Amy Cheung
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To Be a Famous Nobody
Tourism on Cloud
Wonderland Taxi
Hong Kong Handover
Airplane Tram
Transparent Container
Game and Terror
Toy Tank
$ on China
Atom Ocean
Indefinitive Portraiture
Essay: Playing Devil’s Advocate (2007)
Playing Devil’s Advocate

Playing devil’s advocate is not an easy task at a time when the accelerating disintegration of the social, intertwined with unparalleled technological advances and the endless availability of consumable pleasures, makes attempts to arrive at a hypothesis of utopic viability or to even imagine alternative societies seem either incredibly futile and impractical, or, at the other extreme, waywardly self-indulgent. The recent work of Amy Wan Man Cheung, however, appears to move peripatetically between these arguments while at the same time wrestle with their implications for the political. Her large-scale sculptures and public art projects entail restless and anxious oscillations between fantasy worlds and haunting reflections of life’s realities, whimsical childhood fairytales and serious sci-fi commentaries, the total enchantment of surface effects and the ironic scrutiny of both. Cheung also plays extensively with heavy contrasts in her exploration of the material possibilities of installation: soft and hard, hot and cold, fragile and durable, transparent and opaque, the familiar and the unexpected. Neither exalted nor condemned, these oppositions—their unresolved tensions, the ways in which they constitute, contest and connect with each
other — when taken as a dialectical system, help dislodge the artist’s production from its otherwise paralyzing conditions and intensify experiences of the different worlds she creates — “construction sites,” as she calls them, of the cultural imaginary and the real of socioeconomic relations.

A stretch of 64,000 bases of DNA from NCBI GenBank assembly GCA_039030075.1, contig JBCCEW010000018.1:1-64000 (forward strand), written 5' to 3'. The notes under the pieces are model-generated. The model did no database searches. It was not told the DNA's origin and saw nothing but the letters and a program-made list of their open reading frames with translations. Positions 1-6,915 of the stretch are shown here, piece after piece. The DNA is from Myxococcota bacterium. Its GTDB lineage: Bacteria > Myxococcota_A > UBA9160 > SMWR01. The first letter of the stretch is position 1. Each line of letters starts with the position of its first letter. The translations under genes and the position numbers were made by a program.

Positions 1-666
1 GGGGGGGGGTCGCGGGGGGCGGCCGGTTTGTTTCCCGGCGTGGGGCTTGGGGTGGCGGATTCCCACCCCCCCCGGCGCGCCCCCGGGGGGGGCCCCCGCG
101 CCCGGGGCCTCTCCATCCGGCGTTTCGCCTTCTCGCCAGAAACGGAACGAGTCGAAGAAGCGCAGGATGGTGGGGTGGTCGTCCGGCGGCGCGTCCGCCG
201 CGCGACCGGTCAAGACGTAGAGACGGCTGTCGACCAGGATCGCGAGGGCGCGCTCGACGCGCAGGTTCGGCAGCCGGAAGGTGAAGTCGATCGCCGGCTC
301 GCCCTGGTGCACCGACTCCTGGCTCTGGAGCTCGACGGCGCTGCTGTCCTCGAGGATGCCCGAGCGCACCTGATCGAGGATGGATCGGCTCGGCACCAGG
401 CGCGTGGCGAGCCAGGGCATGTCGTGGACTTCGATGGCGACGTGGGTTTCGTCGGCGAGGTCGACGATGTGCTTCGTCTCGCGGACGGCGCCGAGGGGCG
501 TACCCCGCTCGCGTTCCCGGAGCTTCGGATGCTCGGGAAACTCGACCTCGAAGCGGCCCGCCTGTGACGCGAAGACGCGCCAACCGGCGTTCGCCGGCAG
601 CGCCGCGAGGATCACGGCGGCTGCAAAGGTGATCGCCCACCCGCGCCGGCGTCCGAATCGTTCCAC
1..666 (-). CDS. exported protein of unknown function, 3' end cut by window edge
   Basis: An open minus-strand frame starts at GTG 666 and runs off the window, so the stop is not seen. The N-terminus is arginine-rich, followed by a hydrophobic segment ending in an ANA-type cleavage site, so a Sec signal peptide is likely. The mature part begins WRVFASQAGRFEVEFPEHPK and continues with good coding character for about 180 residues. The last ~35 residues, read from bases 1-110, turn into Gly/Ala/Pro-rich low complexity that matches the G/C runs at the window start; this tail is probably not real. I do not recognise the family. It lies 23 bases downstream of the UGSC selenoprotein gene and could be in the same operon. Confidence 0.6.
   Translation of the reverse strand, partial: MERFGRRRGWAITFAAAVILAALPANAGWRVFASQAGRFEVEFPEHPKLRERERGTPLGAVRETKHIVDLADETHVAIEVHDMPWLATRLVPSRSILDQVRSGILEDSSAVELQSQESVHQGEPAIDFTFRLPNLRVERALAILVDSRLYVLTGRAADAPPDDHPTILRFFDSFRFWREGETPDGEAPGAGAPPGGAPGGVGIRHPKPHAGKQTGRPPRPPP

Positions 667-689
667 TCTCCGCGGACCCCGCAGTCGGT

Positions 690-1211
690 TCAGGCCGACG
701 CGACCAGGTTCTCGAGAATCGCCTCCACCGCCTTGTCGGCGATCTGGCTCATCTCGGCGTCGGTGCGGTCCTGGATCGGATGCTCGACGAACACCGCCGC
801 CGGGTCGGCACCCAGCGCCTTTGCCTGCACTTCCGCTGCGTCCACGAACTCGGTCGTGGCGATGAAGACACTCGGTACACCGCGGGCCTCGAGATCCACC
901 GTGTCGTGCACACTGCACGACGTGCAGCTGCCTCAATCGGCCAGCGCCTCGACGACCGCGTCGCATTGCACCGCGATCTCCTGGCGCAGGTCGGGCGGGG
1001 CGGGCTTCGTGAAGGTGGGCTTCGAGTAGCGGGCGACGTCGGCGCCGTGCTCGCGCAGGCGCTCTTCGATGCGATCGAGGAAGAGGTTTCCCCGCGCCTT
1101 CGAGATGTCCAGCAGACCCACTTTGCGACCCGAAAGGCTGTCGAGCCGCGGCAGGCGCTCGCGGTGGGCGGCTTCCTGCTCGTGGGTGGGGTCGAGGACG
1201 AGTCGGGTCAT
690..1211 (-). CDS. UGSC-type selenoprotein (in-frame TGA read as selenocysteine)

Recurring vehicular dream objects dominate Cheung’s recent work in the large. Sculptural interventions—such as Down the Rabbit Hole, ‘TAXI!’ says Alice (2004), a lopsided red cab showing up in various geographies of nowhere (of the type of James Howard Kunstler) in Hong Kong and Guangzhou from taxi queue to parking lot to pier front — cross over to reality for a split second when encountered in unanticipated civic places. At the Hong Kong Heritage Museum, A bleeding Toy from Childhood (2006), a huge life-size military tank realistically- rendered and made of wood typically used for children’s model kits, is surrounded by thick walls of plastic blister packaging that are part of the overall exhibition design, but onto which Cheung emblazoned motifs of guns, bombs and other weapons of mass destruction. Equipped with an interactive video game console inside, the tank points to speculations on the transformation of an instrument of war into a deluxe sit-down arcade cabinet that can dole out entertainment violence on a simulacral level as effectively as network television. In Spacesofa Voyager 3000 (2002), the bases of two gigantic red
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Playing Devil’s Advocate
Essay by Alice Ming Wai Jim
This essay was written for the exhibition catalogue Star Fairy: Hong Kong in Venice, 52nd Venice Biennale, published by the Hong Kong Arts Development Council, 2007.
All Content © 2007 Amy Cheung